Moab Happenings Archive
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PET HAPPENINGS December 2013

Home for the Holidays?
by Jessica Turquette co-owner of Moab BARKery

homeless dogAccording to Petfinder there were over 8 million pets that entered into shelters across the nation in 2005, and approximately 5 million of those pets were adopted or returned to the owners (although returns account for about 2% of adoptions). We know what happened to the other 3 million; they were euthanized. That sounds horrible, and is often the main motivating factor for people to continue adopting pets from local shelters. The cold hard facts are tough, but we have come a long way since the height of euthanasia in the 1970’s. The average intake and kill rate for the US during the 70’s were over 17 million each year. That is when things started to change. So what has made the difference these last 30 years, and how can we get the numbers even lower?

What has made the difference in going from 17 million to 3 million euthanized each year? The answer is simple, awareness. There have been multiple campaigns through the Humane Society, ASPCA, and local shelters to adopt from shelters and spay and neuter your pets. There is also the effort made to reduce and even eliminate puppy mills in many states as well as stronger laws against back yard mass breeding and stronger leash laws to prevent loose animals turning into homeless animals. Once you make people aware, attach some famous names to the effort and play the commercials for decades on end you can drastically change how people find pets, maintain them and ensure they do not breed. The other factor that has had a large effect on the amount of pets euthanized each year is that more homes than ever now have pets. In 2005 there were roughly 7.1 million homes that have either a cat or a dog, this 20% increase from 30 years ago. And there are more homes with both cats and dogs, about an 8% increase. Even more so there are more homes with multiple cats or dogs too! It’s no wonder that pets are big business.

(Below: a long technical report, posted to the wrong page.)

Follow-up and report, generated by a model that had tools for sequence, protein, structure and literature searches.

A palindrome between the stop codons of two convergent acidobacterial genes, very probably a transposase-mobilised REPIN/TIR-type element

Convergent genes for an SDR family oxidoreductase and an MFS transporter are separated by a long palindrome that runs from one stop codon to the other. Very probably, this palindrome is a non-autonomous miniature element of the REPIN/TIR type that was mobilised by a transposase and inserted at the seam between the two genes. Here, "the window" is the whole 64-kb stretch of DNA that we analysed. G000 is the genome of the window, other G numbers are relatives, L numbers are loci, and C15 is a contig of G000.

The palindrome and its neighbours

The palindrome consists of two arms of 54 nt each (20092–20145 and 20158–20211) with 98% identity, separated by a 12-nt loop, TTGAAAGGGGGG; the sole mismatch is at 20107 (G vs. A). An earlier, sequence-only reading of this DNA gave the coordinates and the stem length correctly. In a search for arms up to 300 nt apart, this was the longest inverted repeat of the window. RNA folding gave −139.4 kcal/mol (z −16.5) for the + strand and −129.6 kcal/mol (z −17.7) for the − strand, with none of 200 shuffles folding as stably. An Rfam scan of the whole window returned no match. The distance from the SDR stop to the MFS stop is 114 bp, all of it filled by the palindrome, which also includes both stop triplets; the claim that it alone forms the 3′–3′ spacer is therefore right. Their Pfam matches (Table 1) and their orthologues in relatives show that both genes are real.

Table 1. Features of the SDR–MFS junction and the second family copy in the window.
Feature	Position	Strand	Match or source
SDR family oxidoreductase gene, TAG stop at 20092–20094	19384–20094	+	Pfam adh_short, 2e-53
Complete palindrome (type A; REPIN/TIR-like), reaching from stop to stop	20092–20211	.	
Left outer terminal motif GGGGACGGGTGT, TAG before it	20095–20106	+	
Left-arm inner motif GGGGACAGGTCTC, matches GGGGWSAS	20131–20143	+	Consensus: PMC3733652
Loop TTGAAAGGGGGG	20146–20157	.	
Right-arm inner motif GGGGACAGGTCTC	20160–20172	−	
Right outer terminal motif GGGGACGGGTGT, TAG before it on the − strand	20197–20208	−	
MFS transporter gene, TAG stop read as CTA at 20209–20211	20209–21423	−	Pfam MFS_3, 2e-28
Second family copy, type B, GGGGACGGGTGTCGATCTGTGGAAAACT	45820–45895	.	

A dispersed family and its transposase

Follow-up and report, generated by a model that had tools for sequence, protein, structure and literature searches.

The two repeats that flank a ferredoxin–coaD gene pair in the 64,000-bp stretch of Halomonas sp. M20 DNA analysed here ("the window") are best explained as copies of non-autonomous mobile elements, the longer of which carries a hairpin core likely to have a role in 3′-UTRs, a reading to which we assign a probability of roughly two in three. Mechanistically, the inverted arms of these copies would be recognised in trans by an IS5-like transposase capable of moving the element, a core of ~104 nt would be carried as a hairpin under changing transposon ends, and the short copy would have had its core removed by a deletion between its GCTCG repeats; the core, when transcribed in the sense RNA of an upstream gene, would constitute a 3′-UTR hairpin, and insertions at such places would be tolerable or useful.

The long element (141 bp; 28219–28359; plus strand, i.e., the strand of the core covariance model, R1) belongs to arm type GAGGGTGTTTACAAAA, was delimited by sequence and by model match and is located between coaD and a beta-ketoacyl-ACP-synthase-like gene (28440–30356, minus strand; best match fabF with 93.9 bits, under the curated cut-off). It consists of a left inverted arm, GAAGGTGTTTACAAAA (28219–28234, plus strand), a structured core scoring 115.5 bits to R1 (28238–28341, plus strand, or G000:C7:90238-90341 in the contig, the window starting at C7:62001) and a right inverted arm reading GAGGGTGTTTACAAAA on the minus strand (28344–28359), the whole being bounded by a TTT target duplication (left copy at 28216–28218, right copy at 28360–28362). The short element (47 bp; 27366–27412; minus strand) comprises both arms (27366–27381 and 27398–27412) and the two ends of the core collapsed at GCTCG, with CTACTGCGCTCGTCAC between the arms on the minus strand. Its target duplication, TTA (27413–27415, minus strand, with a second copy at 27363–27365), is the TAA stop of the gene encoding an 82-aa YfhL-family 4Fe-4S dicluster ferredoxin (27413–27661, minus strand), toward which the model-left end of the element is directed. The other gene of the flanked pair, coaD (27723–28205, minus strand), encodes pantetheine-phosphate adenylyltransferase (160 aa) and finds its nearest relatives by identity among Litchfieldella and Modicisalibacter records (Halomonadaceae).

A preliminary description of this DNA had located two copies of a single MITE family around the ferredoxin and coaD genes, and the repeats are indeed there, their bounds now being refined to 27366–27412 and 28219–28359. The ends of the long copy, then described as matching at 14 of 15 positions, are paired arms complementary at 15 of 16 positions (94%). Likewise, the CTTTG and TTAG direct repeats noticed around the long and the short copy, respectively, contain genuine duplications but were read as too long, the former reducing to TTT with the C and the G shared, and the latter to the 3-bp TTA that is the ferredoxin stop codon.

homeless catThere are still some very unique problems facing our current shelters today. One of the biggest problems is long term adoptees. Dogs are staying in shelters longer and longer, and many of the shelters were built to house many dogs for a short term so the facilities are not adequate for long term residents. Many of these dogs that are staying in these shelters are not getting the adequate attention they need. Dogs are social creatures even in their wild form of wolves. All the amazing breeds we have created have one thread in common, human devotion. They need us, and rely on us for just about everything so keeping them housed with little to no attention other than feeding and medical care has a huge impact on their mental health. Many shelters are no longer full of thousands of adoptable dogs, but rather have a smaller surplus of dogs that are not being adopted because of behavioral problems. They have been unsuccessful pets that have been surrendered so they need training. Housing them until the next family comes along is not enough. These dogs that need special care often benefit the most from fostering with a family. It gives them the opportunity to live in a home, and learn real life skills that will help them become a better adjusted part of a new family. Our local Humane Society is comprised entirely of foster families that take the dogs in from all over Grand County and help them get the real life skills they will need to get adopted. This type of intake structure is often the hardest to maintain for shelters as well, as placing each dog with a foster family until they are adopted requires many volunteer homes that are willing to take on a dog they may only have for a short time. The benefits for dogs in foster homes are tremendous and far outweight the difficulties that shelters face in finding good homes and volunteers that are willing to help homeless dogs. People in a sense have come a long way with awareness of homeless pets, in particular homeless dogs and there is a big change in the way we keep and house them. New shelters are being built with long term care in mind, and the way animals are being housed long term is getting better.